Royal Mail vs Post Office: are they the same, what’s the difference, who’s been on strike - services explained

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Workers at the Royal Mail and Post Office are likely to stage fresh strike action this year as they remain in an ongoing pay dispute

Royal Mail staged numerous strikes last year, including six days in December, costing the company more than £100 million and causing huge delays to Christmas cards and parcel deliveries.

Further disruption could be coming soon as Royal Mail workers and bosses both remain locked in a pay dispute.

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The Communication Workers Union (CWU) has rejected Royal Mail management’s “best and final” offer of a pay rise of up to 9% over 18 months in exchange for changes to working hours and voluntary Sunday working. The result of the ballot papers will be due on 16 February.

Meanwhile Post Office workers, who also staged walkouts last year, could also join Royal Mail staff who are striking this year. A union chief said his members were “willing to take further action” amid an ongoing pay dispute.

But what is the difference between Royal Mail and the Post Office, who has been on strike, and how do their services differ?


What services do Royal Mail and the Post Office offer?

Royal Mail and the Post Office are separate companies with independent boards.

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Royal Mail is the company that delivers parcels and letters from post offices. It deals mainly with the delivery and collection of items. Royal Mail doesn’t usually sell stamps themselves or offer many stamping services, apart from selling some stamps online.

The Post Office deals with stamping and preparing parcels for shipping, and offers other services like banking and money withdrawals.

It is the nationwide network of branches offering a range of postal, government and financial services. For example, if you want to use Royal Mail’s guaranteed next-day delivery or signature-on-delivery services, you will need to visit your local post office.

Who owns Royal Mail?

Royal Mail is a public limited company, meaning it is owned by its shareholders. For most of its life Royal Mail was owned by the UK government and remained a public service until the 2010s.

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The Postal Services Act 2011 allowed the Conservative and Liberal Democrat coalition government to sell off shares in Royal Mail to private investors. These shares were floated on the London Stock Exchange in 2013.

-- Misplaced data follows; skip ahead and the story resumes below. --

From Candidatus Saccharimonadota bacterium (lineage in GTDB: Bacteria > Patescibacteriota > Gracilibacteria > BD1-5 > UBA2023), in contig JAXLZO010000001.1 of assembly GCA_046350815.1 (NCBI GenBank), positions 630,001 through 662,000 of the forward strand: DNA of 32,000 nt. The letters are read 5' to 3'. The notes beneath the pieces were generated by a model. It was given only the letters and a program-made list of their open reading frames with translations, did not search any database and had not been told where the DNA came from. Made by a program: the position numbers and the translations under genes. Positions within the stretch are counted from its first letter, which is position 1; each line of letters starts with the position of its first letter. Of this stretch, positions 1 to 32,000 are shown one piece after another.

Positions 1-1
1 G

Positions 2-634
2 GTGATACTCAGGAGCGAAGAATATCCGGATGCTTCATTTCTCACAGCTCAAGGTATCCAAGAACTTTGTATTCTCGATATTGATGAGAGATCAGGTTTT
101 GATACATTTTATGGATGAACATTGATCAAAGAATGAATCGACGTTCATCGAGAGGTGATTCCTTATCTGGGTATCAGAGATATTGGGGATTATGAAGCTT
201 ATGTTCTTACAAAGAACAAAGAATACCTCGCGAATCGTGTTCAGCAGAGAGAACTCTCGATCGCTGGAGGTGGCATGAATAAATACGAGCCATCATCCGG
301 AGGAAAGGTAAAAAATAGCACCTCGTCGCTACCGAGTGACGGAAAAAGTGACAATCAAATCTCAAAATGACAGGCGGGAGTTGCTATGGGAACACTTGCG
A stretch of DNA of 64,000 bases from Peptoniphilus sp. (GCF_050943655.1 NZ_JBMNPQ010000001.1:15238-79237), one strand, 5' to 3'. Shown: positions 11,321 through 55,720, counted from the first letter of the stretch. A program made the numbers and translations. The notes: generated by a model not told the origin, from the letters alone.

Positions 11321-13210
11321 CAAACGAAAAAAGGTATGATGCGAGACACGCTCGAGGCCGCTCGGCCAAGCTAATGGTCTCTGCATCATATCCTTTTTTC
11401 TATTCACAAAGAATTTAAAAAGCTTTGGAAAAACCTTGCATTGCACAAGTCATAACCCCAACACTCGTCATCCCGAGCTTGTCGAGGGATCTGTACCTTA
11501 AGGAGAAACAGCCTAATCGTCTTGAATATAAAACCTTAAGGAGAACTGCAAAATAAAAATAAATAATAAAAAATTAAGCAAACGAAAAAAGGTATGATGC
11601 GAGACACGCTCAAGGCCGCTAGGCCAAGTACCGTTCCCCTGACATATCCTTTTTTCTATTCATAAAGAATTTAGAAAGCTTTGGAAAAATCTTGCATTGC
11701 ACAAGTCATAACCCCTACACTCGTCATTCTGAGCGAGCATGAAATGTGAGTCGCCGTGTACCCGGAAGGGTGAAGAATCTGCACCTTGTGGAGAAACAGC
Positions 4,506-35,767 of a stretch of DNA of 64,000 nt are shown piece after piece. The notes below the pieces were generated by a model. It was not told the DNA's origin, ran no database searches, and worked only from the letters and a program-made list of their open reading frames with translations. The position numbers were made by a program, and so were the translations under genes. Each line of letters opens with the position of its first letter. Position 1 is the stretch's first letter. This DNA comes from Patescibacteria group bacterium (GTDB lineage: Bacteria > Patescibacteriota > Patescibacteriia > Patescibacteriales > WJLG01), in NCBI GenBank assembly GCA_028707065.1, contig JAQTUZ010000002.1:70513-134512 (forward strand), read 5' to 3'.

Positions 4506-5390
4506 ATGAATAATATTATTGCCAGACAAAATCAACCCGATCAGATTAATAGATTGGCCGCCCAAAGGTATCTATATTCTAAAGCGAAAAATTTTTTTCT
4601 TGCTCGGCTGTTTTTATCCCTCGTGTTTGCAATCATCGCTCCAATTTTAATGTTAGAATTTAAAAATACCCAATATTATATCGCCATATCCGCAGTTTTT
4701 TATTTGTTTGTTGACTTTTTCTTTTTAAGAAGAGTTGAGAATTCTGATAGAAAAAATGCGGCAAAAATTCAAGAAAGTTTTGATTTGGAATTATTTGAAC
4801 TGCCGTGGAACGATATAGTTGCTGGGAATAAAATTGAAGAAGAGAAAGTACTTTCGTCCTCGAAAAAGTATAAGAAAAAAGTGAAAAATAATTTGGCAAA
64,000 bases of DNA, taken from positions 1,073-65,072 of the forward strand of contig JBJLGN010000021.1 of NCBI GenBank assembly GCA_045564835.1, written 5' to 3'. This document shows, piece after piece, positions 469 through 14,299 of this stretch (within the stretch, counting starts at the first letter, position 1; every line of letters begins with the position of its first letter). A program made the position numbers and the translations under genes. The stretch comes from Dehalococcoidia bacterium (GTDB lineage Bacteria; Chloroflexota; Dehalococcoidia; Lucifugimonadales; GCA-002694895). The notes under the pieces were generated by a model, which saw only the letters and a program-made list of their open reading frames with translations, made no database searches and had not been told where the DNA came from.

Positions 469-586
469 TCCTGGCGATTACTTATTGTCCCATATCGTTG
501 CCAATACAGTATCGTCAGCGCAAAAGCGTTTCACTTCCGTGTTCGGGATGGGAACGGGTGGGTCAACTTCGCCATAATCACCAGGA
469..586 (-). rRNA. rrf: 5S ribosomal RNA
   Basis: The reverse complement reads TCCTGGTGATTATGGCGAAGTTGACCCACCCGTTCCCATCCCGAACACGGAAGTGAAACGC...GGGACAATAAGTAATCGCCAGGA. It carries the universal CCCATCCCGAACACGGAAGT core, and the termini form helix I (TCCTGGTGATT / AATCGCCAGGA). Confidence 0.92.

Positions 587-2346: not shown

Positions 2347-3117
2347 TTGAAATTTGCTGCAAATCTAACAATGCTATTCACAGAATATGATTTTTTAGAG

The Government initially retained a 30% stake in Royal Mail, but sold its remaining shares in 2015 Royal Mail’s privatisation was controversial, and it led to widespread strikes called by the CWU.

Who owns the Post Office?

The Post Office is a separate company owned by the government.

The Department for Business, Innovation and Skills, which is responsible for the Post Office, explained on its website: “Royal Mail and the Post Office are separate companies with independent boards. Royal Mail is the company that delivers parcels and letters – the provider of the universal postal service.

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“The Post Office is the nationwide network of branches offering a range of postal, government and financial services. The Post Office is not for sale.”

Who has been on strike?

Royal Mail went on strike over numerous days last year where letters and parcels were not delivered and their services were hugely disrupted.

Dave Ward, CWU general secretary, said: “Nobody takes the decision to strike lightly, but postal workers are being pushed to the brink. There can be no doubt that postal workers are completely united in their determination to secure the dignified, proper pay rise they deserve.”

He added that people “can’t keep on living in a country where bosses rake in billions in profit while their employees are forced to use food banks. The CWU’s message to Royal Mail’s leadership is simple – there will be serious disruption until you get real on pay.”

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Ricky McAulay, operations director at Royal Mail, accused the union of failing to engage in “any meaningful discussion” after months of talks.

The majority of Post Offices remained open, because Royal Mail and the Post Office are separate companies.

However, there was separate strike action taking place at Post Offices during December.

On 12 and 13 December Crowns & Admin staged a walkout, while Supply Chain members commenced a two-week ban on overtime. This strike saw around 1,400 staff members walk out.

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Industrial action was also announced by the Post Office on 24 and 28 December.

Andy Furey, CWU assistant secretary, which represents around 3,500 Post Office workers, said of the Post Office strikes: "Everybody knows there’s more than enough money for a reasonable pay rise and it’s time for those at the top of the Post Office to show real respect for dedicated public servants who, as key workers, provided unprecedented customer service during the pandemic."

He told the House of Commons business committee that workers had rejected an offer of a five per cent pay rise and that two ballots for strike action had received yes votes of “over 90 per cent.” He said: “We’re... willing to take further action.”

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